The Department of Defense’s strategic emphasis on competition with China and Russia enjoys widespread bipartisan support from members of the defense establishment. However, the Trump administration’s 2020 defense budget request remains too focused on both the size of the joint force and on reducing near-term risks, rather than funding the capabilities required to sustain the military’s technological advantage. In upcoming defense authorization and appropriations bills, Congress can rectify many of these shortcomings.
In a new briefing, “What Congress Should Do with the 2020 Defense Budget,” CNAS Senior Fellow and Deputy Director of the Defense Program Susanna V. Blume examines both the encouraging developments and the shortcomings of the administration’s 2020 defense budget proposal. Overall, she concludes that the 2020 budget request does not constitute the “masterpiece” promised by then-Deputy Secretary of Defense Patrick Shanahan in 2017. Blume highlights several specific deficiencies, including the 2020 defense budget request’s insufficient funding for investments in artificial intelligence (AI) or new advanced munitions. Instead, the proposal features a misguided focus on quantitative measurements of military power, such as the mere number of ships in the Navy or squadrons in the Air Force, rather than qualitative assessments of military capability.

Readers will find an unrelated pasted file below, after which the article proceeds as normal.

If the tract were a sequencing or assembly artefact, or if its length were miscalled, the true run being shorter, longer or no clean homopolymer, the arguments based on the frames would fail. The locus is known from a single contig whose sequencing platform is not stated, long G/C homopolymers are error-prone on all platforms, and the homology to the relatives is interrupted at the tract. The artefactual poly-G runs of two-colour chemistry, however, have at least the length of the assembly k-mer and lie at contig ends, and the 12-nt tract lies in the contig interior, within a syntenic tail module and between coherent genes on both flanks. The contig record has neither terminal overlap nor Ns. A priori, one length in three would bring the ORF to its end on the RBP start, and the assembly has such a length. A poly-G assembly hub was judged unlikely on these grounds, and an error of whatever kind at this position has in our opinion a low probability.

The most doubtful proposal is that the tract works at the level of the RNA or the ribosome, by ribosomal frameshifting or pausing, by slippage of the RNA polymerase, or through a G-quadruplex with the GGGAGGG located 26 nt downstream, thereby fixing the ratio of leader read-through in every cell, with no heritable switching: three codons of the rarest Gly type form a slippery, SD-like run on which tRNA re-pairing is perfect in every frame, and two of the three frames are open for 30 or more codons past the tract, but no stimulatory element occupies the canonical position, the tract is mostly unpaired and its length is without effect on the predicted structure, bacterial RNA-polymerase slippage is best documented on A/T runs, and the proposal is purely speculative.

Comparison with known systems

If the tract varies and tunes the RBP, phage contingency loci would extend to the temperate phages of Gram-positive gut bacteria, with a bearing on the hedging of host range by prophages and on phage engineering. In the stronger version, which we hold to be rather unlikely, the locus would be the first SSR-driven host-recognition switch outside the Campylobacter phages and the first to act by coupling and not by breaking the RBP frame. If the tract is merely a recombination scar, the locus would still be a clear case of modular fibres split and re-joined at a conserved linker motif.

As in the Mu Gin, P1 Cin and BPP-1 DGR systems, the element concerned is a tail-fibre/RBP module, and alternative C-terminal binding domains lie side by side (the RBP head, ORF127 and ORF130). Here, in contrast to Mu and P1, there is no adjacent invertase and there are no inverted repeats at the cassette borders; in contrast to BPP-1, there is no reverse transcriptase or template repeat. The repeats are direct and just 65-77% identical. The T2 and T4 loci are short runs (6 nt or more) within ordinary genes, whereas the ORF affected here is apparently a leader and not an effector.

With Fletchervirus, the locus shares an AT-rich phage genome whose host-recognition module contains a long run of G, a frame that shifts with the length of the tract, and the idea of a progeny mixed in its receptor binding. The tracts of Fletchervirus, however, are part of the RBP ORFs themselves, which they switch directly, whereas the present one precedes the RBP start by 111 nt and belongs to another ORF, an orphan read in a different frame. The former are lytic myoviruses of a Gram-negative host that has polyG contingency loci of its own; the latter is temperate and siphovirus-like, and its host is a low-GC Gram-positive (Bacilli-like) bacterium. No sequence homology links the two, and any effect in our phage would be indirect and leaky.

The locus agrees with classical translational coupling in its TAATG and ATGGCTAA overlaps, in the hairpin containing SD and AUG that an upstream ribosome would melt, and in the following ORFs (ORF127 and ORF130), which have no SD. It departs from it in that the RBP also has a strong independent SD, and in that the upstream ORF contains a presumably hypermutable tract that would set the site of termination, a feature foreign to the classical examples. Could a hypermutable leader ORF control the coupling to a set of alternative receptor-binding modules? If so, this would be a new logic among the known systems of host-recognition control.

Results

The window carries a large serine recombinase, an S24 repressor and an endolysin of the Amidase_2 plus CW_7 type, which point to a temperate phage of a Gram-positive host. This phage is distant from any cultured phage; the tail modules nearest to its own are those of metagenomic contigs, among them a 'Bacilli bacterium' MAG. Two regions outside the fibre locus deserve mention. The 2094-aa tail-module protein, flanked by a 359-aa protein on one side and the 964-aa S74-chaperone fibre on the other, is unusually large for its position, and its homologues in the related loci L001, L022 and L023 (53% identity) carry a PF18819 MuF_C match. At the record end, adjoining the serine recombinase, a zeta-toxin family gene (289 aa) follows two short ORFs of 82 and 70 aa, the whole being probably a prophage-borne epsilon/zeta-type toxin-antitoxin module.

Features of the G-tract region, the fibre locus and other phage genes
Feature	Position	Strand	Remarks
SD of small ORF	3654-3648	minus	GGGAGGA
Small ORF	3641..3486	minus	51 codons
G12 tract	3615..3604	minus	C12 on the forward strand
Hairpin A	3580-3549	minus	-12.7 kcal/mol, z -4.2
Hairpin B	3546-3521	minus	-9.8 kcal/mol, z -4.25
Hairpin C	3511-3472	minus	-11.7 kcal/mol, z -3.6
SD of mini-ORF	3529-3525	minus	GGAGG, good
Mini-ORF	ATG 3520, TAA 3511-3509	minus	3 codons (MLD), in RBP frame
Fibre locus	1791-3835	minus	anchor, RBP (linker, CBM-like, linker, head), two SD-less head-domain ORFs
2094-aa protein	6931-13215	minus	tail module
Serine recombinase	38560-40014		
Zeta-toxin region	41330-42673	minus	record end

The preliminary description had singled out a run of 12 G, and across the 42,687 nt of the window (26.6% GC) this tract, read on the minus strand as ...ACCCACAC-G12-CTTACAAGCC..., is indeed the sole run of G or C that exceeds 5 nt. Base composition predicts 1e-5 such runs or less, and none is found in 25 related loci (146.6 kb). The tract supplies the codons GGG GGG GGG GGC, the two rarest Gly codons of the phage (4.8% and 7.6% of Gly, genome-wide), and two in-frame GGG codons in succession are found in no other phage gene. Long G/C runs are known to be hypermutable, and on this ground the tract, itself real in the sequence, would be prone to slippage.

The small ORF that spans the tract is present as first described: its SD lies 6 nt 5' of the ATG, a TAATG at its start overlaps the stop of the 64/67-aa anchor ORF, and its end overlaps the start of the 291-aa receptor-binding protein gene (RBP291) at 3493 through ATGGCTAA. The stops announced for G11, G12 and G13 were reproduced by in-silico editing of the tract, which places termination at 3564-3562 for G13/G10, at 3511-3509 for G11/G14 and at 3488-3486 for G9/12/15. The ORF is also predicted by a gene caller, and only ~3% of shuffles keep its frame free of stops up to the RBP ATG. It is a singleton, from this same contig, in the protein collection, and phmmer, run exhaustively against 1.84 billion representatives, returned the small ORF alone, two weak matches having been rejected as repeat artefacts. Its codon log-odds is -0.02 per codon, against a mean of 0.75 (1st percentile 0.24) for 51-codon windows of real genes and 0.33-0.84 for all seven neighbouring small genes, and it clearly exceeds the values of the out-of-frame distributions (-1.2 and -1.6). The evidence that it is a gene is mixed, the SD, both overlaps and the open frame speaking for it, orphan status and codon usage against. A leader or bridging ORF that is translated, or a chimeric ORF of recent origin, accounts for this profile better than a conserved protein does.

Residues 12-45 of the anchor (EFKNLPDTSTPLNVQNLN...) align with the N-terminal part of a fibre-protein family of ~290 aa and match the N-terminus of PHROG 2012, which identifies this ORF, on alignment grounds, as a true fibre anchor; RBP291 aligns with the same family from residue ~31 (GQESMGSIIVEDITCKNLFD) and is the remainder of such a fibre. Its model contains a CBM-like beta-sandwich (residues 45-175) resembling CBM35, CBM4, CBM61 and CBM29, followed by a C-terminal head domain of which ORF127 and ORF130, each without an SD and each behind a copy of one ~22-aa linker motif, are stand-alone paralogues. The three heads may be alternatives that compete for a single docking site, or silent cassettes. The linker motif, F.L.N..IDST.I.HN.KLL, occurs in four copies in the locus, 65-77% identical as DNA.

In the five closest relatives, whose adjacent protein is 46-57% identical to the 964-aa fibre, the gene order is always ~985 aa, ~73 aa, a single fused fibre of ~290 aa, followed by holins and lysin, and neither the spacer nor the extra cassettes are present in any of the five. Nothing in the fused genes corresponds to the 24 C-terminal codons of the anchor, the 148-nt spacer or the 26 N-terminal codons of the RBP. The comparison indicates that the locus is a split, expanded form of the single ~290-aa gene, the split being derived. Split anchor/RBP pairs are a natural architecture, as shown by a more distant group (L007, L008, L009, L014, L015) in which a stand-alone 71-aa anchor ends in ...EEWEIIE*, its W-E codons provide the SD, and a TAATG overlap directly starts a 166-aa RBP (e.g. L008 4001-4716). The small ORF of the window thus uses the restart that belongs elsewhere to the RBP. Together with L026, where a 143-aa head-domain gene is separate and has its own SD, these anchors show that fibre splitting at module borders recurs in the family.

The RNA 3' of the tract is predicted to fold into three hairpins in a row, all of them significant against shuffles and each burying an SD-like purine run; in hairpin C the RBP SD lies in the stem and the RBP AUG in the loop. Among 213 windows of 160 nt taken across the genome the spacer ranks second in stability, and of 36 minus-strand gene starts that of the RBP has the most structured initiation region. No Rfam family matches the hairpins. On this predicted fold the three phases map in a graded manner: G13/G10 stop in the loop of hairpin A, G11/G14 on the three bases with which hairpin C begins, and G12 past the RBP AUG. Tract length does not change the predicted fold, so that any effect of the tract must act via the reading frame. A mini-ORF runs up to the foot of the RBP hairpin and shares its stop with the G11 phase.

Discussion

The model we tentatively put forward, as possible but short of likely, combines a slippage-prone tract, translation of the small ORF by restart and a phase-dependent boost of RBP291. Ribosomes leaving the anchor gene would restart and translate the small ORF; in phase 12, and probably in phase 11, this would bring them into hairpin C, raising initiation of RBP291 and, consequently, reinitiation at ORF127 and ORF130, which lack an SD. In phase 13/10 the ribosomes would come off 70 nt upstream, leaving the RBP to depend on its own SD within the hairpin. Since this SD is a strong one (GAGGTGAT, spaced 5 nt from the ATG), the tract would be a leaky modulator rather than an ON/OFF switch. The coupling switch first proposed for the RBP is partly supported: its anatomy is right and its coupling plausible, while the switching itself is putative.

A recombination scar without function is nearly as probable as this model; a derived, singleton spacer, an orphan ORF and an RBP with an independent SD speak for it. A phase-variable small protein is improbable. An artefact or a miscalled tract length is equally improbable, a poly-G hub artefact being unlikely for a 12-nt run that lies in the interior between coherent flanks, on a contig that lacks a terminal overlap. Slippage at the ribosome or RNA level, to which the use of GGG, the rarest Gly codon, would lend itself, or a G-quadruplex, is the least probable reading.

Blume recommends that members of Congress exercise oversight authorities in a variety of ways to address the budget request’s shortcomings, including:
- Rejecting the administration’s approach to overseas contingency operations (OCO) funding and passing a bipartisan deal to raise defense and non-defense discretionary spending caps for the 2020 and 2021 fiscal years
- Ending the focus on the numbers of ships, aircraft, or soldiers as measurements of force sufficiency
- Supporting the administration’s plan to establish a Space Force
- Increasing investment in critical advanced technologies
Blume argues that the department’s continued focus on numbers of platforms—355 ships in the Navy, 386 squadrons in the Air Force—is misguided. She concludes: “In order to engage in a meaningful discussion about force planning, both the department and Congress must forsake these easy quantitative metrics in favor of a deeper qualitative conversation about U.S. military advantages over key competitors.”
This briefing is part of the Key National Security Issues for Congress series, established to promote bipartisan cooperation on Capitol Hill by offering a series of practical policy proposals for lawmakers and staff.